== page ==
Birds, bees and trees - Queen Mary has a plethora of experts that study the natural world to understand how biological systems respond to a changing environment over different timescales.
Featured experts on camera
Dr Richard Buggs
Dr Elizabeth Clare
Professor Lars Chittka
Prof Lars Chittka
My research has established links between sensory physiology and learning psychology on the one hand, and evolutionary ecology on the other. Why do animals have the sensory systems they do? How do they use them in their natural foraging enviroment? How do cognitive-behavioural processes function in the economy of nature? Pollinator-plant interactions have been used as a model system to study these questions. I have been particularly interested in mutual evolutionary and ecological influences of insect colour vision and flower colour signals, and insect learning and flower advertising. In addition, I have studied bee navigation using large artificial landmarks, orientation of bees in complete darkness, as well as the question of how bees use spatial memory to navigate among several rewarded sites. Recently, I have also become interested in the evolution of cognitive capacities and communication, and the pollination biology of invasive plant species.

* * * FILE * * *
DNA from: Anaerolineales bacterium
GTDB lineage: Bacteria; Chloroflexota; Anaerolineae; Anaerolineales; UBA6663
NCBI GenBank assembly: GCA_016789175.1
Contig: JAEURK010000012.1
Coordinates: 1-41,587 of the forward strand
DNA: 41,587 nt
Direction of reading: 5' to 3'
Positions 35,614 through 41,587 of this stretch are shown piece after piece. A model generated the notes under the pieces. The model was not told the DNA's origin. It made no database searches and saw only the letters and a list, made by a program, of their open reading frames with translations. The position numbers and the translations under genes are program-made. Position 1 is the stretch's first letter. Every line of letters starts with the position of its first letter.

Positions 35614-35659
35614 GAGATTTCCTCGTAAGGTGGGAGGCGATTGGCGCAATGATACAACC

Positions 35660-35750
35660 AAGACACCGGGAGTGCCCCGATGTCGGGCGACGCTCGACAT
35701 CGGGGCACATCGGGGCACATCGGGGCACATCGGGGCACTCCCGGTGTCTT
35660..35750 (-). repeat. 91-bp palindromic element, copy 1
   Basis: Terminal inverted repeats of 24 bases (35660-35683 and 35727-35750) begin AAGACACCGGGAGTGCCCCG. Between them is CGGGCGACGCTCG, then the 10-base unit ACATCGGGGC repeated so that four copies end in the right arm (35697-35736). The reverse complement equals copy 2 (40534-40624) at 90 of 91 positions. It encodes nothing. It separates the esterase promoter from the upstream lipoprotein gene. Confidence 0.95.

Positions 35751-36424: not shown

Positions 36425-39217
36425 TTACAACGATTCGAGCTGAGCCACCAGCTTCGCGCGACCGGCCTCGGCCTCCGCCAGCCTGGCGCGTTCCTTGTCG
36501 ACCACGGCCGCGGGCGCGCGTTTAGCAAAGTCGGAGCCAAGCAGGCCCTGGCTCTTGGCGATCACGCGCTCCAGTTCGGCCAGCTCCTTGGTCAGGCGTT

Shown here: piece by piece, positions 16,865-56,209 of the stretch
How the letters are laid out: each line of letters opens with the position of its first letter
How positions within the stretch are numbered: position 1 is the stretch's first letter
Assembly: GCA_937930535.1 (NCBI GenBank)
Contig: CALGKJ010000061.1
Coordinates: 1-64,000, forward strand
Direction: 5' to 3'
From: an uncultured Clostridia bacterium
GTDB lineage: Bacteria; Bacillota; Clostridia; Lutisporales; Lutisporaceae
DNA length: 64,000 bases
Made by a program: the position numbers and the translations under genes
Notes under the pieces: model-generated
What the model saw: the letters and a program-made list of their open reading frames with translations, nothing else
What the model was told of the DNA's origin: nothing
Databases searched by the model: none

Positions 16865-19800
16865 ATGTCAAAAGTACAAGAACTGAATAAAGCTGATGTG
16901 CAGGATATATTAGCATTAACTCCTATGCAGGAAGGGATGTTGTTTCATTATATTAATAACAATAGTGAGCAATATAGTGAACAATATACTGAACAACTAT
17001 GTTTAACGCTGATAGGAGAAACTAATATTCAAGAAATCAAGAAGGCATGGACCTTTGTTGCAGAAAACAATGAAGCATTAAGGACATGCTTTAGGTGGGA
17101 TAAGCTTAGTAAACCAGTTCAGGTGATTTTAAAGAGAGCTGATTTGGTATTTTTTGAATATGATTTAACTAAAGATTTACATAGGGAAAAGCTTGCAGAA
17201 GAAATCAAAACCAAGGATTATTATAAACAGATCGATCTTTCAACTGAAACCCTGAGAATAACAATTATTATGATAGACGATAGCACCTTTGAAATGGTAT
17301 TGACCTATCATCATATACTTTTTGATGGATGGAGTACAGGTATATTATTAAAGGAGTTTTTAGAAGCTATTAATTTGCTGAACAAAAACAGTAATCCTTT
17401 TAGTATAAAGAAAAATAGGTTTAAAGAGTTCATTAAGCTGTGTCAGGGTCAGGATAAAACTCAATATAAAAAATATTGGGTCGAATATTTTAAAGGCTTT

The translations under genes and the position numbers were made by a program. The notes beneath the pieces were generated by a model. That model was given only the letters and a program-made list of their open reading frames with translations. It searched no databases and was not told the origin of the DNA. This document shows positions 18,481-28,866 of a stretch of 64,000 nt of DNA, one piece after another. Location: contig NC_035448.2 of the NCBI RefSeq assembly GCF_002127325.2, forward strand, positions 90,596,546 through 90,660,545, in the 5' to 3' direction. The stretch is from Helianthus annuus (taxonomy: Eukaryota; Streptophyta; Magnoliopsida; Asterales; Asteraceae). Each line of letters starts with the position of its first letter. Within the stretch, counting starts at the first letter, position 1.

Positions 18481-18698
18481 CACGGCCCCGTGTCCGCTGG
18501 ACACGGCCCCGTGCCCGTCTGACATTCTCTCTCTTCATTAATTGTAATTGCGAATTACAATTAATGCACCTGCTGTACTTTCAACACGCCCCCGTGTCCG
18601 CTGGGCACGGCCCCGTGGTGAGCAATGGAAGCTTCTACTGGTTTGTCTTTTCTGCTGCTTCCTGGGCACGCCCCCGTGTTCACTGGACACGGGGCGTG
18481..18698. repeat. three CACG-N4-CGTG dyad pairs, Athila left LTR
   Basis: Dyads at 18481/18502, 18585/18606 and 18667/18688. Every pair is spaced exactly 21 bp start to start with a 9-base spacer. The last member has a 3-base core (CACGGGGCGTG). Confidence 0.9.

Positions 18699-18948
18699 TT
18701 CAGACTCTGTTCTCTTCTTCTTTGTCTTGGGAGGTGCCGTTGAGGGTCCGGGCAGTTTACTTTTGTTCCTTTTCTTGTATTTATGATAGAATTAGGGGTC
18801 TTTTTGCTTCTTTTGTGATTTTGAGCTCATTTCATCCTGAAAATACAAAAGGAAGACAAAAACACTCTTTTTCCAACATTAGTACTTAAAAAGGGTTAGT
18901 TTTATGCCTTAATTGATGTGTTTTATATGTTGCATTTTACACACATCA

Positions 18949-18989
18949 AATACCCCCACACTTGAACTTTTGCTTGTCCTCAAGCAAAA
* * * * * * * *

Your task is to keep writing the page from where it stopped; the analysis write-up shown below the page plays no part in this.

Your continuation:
Dr Yannick Wurm
Analyses genomes of auts to understand the roles of genes in the evolution of societies.
Dr Robert Knell
I am interested in a variety of different aspects of ecology and evolution, mainly to do with either parasites, sex or both. I also conduct research on the evolution of mating systems and especially of sexual ornamentation. I am particularly interested in the function and evolution of the weapons used by male animals in contests with rivals.